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Session 2009 - 10
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Flood and Water Management Bill

Flood and Water Management Bill



The Committee consisted of the following Members:

Chairmen: Mr. Christopher Chope, † Mr. Eric Martlew
Blackman-Woods, Dr. Roberta (City of Durham) (Lab)
Drew, Mr. David (Stroud) (Lab/Co-op)
Griffith, Nia (Llanelli) (Lab)
Grogan, Mr. John (Selby) (Lab)
Horwood, Martin (Cheltenham) (LD)
Irranca-Davies, Huw (Parliamentary Under-Secretary of State for Environment, Food and Rural Affairs)
Kumar, Dr. Ashok (Middlesbrough, South and East Cleveland) (Lab)
McIntosh, Miss Anne (Vale of York) (Con)
Morden, Jessica (Newport, East) (Lab)
Reed, Mr. Jamie (Copeland) (Lab)
Robertson, Mr. Laurence (Tewkesbury) (Con)
Smith, Chloe (Norwich, North) (Con)
Turner, Mr. Andrew (Isle of Wight) (Con)
Watkinson, Angela (Upminster) (Con)
Williams, Mr. Roger (Brecon and Radnorshire) (LD)
Wright, David (Telford) (Lab)
Mick Hillyard, Committee Clerk
† attended the Committee

Witnesses

Huw Irranca-Davies, Parliamentary Under-Secretary of State for Environment, Food and Rural Affairs
Martin Hurst, Director of Water, Department for Environment, Food and Rural Affairs
Simon Hewitt, Divisional Manager of Water, Department for Environment, Food and Rural Affairs

Public Bill Committee

Thursday 7 January 2010

(Morning)

[Mr. Eric Martlew in the Chair]

Flood and Water Management Bill

9 am
The Chairman: Before we begin, I have a few announcements. It is customary at this stage to tell Members that they can take off their jackets if they wish. If you wish to put your overcoats on today, I do not mind. Please ensure that you turn off any electrical devices, or put them on silent.
Members are reminded that there is a money resolution in connection with the Bill, copies of which are available in the room. I remind Members that they should give adequate notice of amendments. To be eligible for selection at a Tuesday sitting, amendments must be tabled by the rise of the House on the previous Thursday. For a Thursday sitting, amendments must be tabled by the previous Monday. As a general rule, my co-Chairman and I will not take starred amendments.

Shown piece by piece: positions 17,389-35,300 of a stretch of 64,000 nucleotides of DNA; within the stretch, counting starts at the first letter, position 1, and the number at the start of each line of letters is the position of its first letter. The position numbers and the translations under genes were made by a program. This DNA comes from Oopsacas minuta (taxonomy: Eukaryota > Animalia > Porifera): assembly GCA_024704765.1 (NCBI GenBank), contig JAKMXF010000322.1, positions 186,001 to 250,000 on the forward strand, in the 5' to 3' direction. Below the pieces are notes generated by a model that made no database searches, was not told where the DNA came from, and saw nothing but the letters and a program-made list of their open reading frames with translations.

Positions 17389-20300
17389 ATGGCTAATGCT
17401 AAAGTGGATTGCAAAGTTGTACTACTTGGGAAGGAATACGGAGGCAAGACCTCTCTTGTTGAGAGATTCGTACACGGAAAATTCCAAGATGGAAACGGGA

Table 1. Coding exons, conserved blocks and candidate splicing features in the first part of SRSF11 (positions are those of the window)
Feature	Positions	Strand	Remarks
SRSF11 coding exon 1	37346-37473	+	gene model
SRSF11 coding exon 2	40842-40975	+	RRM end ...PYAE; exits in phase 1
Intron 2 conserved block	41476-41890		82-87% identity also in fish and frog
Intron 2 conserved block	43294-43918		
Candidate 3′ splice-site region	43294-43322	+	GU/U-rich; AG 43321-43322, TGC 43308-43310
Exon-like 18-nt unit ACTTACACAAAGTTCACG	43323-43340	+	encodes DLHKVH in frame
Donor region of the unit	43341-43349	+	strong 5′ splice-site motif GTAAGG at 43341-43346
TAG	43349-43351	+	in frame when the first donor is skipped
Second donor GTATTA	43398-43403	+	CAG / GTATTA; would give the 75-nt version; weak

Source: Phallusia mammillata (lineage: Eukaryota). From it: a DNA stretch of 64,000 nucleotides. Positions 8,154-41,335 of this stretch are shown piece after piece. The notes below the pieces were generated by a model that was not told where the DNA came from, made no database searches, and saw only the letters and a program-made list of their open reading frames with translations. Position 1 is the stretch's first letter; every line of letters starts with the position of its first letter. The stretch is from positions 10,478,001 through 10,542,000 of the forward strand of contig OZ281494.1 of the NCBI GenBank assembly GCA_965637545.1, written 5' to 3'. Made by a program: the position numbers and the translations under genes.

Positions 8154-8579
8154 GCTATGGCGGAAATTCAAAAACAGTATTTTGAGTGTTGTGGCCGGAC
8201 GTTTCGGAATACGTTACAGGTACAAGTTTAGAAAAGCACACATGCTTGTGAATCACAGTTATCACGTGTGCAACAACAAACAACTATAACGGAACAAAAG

Not everyone is familiar with the procedures for taking oral evidence in Public Bill Committees so it might be helpful if I explain briefly how we will proceed. The Committee will first be asked to consider the programme motion on the amendment paper. That debate is limited to half an hour. We will proceed to a motion to report written evidence and a motion to permit the Committee to deliberate in private in advance of the oral evidence, which I hope we can take formally. Assuming that the three motions are agreed, the Committee will move into private session. Once the Committee has deliberated, witnesses and members of the public will be invited back into the room and the oral evidence session will commence at about 9.30 am.
If the Committee agrees to the programme motion, it will hear oral evidence today and revert to more formal clause-by-clause scrutiny next week. We expect to hear from all or the majority of the witnesses today, weather permitting. If there are gaps in the programme, we will have to be flexible and may have to amend the programme motion to take account of them.
The Parliamentary Under-Secretary of State for Environment, Food and Rural Affairs (Huw Irranca-Davies): I beg to move,
That—
(1) the Committee shall (in addition to its first meeting at 9.00 am on Thursday 7 January) meet—
(a) at 1.00 pm on Thursday 7 January;
(b) at 10.30 am and 4.00 pm on Tuesday 12 January;
(c) at 9.00 am and 1.00 pm on Thursday 14 January;
(d) at 10.30 am and 4.00 pm on Tuesday 19 January;
(e) at 9.00 am and 1.00 pm on Thursday 21 January;
(2) the Committee shall hear oral evidence in accordance with the following Table:
TABLE
Date
Time
Witness
Thursday 7 January
Until no later than 10.25 am
Department for Environment, Food and Rural Affairs
Thursday 7 January
Until no later than 2.00 pm
Environment Agency; Local Government Association; Local Government Flood Forum; Local Government Information Unit
Thursday 7 January
Until no later than 3.00 pm
National Farmers Union; Association of Drainage Authorities; Association of British Insurers; Royal Society for the Protection of Birds; Woodland Trust; National Flood Forum
Thursday 7 January
Until no later than 4.00 pm